NEW PORT RICHEY — Main Street Landing developer Ken McGurn stood before City Council members Tuesday evening for the first time since he shut down construction nearly 2 1/2 years ago on the downtown's linchpin redevelopment project.
Good news: He wants to spiff up the shuttered construction site by finishing the exterior of the 15-unit retail building. He even has a price tag — around $2-million — of how much that might cost.
Bad news: He won't say when that work will be done. He says he wants to see if prices drop a little more. He says he doesn't know if he can persuade the bank to loan him the money. He says he doesn't know if he can persuade his wife to let him try.
"There's a lot of hurdles, so there's really no time frame," McGurn told council members, sitting as directors of the Community Redevelopment Agency. "If we told you a date, the newspaper would print it and then we'd be in trouble."
In other words, the nearly 2 1/2-year-old eyesore may not improve any time soon.
The Tuesday night discussion between the Gainesville-based developer and the board was polite and low-key but featured few specific details. City officials had invited McGurn to the meeting to give an update.
His Main Street Landing, a Mediterranean-themed retail and condo project, was supposed to jump-start redevelopment. But after construction costs soared — from $17-million in 2004 to $33-million in 2006 — McGurn in June 2006 asked the city for a new incentive package. That plan included turning Main Street Landing into its own special district and using some of the property taxes it generated to pay off about $6.7-million in construction costs.
City Council members rejected the plan in a 3-to-2 vote. Council member Marilynn deChant, who was in the majority, is the only person from that council still on the board. After the vote, McGurn shut down construction.
McGurn has said for nearly two years that finishing the condos now would not be a smart thing to do because the units would not sell in this market. He has also talked many times about at least finishing the retail building.
That's what the city has been asking for, too.
"Those cosmetic adjustments would go a long way to showing people the project has not been abandoned," said council member Judy DeBella Thomas, who added that the shuttered site "has been a pall on our growth."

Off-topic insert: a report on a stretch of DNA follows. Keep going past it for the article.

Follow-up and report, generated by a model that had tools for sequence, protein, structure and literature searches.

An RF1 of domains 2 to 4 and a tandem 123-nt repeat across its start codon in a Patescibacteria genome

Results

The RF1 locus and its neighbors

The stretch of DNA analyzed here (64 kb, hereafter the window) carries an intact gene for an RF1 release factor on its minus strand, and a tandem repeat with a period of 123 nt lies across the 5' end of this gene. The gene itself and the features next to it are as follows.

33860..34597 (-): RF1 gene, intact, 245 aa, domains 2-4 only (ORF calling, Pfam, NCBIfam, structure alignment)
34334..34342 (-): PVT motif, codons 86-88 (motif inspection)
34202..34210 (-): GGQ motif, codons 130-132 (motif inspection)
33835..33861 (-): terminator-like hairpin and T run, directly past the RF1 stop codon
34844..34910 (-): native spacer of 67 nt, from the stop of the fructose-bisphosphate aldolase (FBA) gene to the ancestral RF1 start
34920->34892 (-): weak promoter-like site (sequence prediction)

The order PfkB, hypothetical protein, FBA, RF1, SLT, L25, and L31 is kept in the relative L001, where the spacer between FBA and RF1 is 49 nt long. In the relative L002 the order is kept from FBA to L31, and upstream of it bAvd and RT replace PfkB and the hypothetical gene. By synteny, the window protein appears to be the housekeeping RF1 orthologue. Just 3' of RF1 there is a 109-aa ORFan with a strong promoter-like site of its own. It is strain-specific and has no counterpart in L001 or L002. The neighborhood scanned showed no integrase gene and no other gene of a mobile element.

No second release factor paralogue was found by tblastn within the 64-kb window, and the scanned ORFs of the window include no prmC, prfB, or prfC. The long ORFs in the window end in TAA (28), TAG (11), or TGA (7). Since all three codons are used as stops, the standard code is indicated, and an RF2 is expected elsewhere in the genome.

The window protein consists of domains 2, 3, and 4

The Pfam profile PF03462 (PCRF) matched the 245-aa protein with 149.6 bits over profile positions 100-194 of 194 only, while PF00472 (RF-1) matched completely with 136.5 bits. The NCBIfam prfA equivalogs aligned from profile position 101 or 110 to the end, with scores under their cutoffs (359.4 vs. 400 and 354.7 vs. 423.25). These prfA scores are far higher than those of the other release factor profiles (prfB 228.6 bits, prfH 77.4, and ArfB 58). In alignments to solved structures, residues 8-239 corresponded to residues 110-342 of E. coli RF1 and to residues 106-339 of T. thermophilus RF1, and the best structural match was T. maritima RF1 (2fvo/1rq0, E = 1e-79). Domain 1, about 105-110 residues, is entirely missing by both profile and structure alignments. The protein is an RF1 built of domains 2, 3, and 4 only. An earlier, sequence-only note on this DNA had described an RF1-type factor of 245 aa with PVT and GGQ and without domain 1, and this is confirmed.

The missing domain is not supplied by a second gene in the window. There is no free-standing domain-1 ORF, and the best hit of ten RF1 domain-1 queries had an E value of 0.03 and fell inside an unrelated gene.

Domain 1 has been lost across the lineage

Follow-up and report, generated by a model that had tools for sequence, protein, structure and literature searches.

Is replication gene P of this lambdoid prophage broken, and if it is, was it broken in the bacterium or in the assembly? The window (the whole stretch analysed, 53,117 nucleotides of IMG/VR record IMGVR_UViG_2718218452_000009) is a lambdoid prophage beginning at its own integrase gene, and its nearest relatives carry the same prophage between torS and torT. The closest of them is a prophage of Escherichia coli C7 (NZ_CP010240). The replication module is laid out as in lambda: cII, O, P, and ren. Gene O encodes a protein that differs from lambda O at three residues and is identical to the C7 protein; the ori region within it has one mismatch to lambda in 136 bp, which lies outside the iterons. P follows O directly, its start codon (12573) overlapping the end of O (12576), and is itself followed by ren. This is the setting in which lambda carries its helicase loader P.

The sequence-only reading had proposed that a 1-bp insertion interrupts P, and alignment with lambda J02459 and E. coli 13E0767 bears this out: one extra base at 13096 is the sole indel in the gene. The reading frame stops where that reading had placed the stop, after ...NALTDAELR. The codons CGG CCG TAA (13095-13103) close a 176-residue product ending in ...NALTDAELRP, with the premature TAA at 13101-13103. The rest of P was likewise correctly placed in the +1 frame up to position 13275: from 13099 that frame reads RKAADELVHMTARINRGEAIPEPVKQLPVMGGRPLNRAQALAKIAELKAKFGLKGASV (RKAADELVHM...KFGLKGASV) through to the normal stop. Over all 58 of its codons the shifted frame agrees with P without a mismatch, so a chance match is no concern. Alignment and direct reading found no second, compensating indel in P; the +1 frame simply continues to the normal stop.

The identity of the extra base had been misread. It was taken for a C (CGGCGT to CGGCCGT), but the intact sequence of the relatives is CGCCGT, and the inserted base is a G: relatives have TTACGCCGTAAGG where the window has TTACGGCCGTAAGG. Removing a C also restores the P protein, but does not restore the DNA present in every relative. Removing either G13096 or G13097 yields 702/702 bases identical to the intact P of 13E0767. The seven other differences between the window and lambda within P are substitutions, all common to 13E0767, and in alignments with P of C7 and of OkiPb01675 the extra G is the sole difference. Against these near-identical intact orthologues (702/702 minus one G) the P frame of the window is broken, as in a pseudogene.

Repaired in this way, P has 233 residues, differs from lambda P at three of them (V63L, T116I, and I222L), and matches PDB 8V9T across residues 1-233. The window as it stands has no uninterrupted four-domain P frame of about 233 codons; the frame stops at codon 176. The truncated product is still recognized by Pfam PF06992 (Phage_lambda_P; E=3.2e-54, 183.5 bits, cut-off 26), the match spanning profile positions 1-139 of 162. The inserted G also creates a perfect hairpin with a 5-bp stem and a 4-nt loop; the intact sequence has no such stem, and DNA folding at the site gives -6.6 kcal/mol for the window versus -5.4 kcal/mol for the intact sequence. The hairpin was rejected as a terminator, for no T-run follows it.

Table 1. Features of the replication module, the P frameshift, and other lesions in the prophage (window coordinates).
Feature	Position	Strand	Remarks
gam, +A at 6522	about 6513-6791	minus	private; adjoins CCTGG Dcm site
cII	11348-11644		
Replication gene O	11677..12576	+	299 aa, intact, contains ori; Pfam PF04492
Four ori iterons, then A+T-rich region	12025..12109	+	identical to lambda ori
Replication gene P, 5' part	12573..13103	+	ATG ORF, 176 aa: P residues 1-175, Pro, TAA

McGurn told the Pasco Times in August that he thought the city could consider offering incentives to help lure potential retail tenants to Main Street Landing.
On Tuesday, however, he did not go into any detail about public money that might go toward the project.
Mayor Scott McPherson tried to press McGurn on what he wants to do about the $1.25-million grant that the city promised him if he finishes the project by March 2009, something that appears increasingly unlikely.
Does he plan to walk away from the money? Will he ask for an extension on the contract?
"My biggest concern all along … is not hearing anything from you or your team about the contract," said McPherson. "I just wish we could get down to the fine points."
McGurn declined to answer that question. He said he was focused on the possible exterior work of the Main Street building. He said asking for more time on the contract would not solve the city's problems, though he later suggested he could wait on the project.
"I've got lots of other stuff to do," he said. "I'd be glad to put this on hold for another year."
He said that the fact he went out and got bids on the facade, however, represented a show of good faith. "We want to have something tangible," he said.
"That's the key word," said McPherson. "Tangible."
DeChant did not ask McGurn any questions but did suggest that he had waited too long to put something forward.
"We were rather hoping to see something proposed before this market situation, this credit situation," she said. "To me, it's just curious about the timing."
McGurn asked if he could respond to her comment but then, apparently thinking better of it, said nothing.
Jodie Tillman can be reached at email@example.com or (727) 869-6247.